Students were provided with hands on access to copies of unique archive material to help simulate the process of independent archive research. This provoked some interesting discussion, particularly amongst creative writers who were prompted to consider their own archive material.

Kenney Papers (Suffragettes)
• We are preparing materials for an external exhibition to be held in 2018/19.
• The collection is being used by a writer as the basis for her work of fiction.

Pritchard Papers
One user is researching for a book on Lawn Road Flats and artists of the 1930s; another is writing a book on art, design and science.

Other enquiries related to the Pritchard family tree; and to Walter Gropius’ farewell dinner guest list from 1937.

Roger Deakin

ShepherdsHutSummer

The shepherd’s hut to which Deakin refers in The Garden. Copyright Estate of Roger Deakin

Users are reminded that the BBC recording of Cigarette on the Waveney is publicly available online (a tranquil documentary of Deakin’s trip down the River Waveney in a white canoe). For UEA members, his recordings of The House and The Garden are available on Box of Broadcasts.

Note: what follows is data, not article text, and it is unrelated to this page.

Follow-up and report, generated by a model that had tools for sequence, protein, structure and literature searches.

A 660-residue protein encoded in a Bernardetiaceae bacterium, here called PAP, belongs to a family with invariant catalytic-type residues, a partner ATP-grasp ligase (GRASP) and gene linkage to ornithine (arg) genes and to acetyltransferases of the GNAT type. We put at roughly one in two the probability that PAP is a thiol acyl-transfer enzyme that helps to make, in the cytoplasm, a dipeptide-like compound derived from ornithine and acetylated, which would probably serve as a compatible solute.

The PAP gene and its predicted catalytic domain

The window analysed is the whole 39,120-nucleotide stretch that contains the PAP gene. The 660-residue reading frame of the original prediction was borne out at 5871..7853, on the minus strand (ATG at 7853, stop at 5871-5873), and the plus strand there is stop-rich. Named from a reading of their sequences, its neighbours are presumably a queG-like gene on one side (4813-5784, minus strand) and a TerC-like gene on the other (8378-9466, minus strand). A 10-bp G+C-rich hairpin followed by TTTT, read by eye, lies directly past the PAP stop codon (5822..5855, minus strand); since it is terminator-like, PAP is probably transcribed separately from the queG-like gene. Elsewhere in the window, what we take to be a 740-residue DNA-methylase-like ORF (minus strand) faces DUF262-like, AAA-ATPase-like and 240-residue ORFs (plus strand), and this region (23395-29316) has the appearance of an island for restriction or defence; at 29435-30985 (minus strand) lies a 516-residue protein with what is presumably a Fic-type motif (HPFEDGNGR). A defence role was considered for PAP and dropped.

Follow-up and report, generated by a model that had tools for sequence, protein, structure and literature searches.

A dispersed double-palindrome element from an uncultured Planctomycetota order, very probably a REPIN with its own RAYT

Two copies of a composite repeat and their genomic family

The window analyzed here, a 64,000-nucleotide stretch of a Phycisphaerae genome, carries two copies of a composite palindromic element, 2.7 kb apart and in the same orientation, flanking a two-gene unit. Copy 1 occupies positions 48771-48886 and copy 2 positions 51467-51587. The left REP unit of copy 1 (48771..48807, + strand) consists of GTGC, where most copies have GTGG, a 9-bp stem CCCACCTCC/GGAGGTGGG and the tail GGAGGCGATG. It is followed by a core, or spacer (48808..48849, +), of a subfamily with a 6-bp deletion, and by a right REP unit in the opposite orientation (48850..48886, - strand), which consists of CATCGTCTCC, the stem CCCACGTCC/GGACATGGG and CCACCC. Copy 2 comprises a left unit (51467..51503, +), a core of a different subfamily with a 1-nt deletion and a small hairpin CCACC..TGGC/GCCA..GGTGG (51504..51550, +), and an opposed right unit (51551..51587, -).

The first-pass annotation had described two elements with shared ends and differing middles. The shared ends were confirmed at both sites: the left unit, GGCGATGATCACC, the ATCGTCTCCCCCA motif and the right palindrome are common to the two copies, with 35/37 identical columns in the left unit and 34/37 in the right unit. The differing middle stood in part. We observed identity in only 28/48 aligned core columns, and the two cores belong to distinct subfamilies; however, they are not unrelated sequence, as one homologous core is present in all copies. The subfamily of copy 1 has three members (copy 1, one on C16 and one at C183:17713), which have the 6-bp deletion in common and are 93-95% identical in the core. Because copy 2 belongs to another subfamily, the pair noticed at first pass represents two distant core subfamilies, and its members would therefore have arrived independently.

UEA Collection
Malcolm Bradbury’s large magazine and newspaper archive has been accessed by a visiting academic in LDC (School of Literature, Drama and Creative Writing).

Zuckerman Archive
The collection has been accessed for the correspondence of Lord Zuckerman, Lord Mountbatten and Margaret Thatcher; and for architectural drawings of German and Italian buildings held within WWII bombing reports.

Special Collections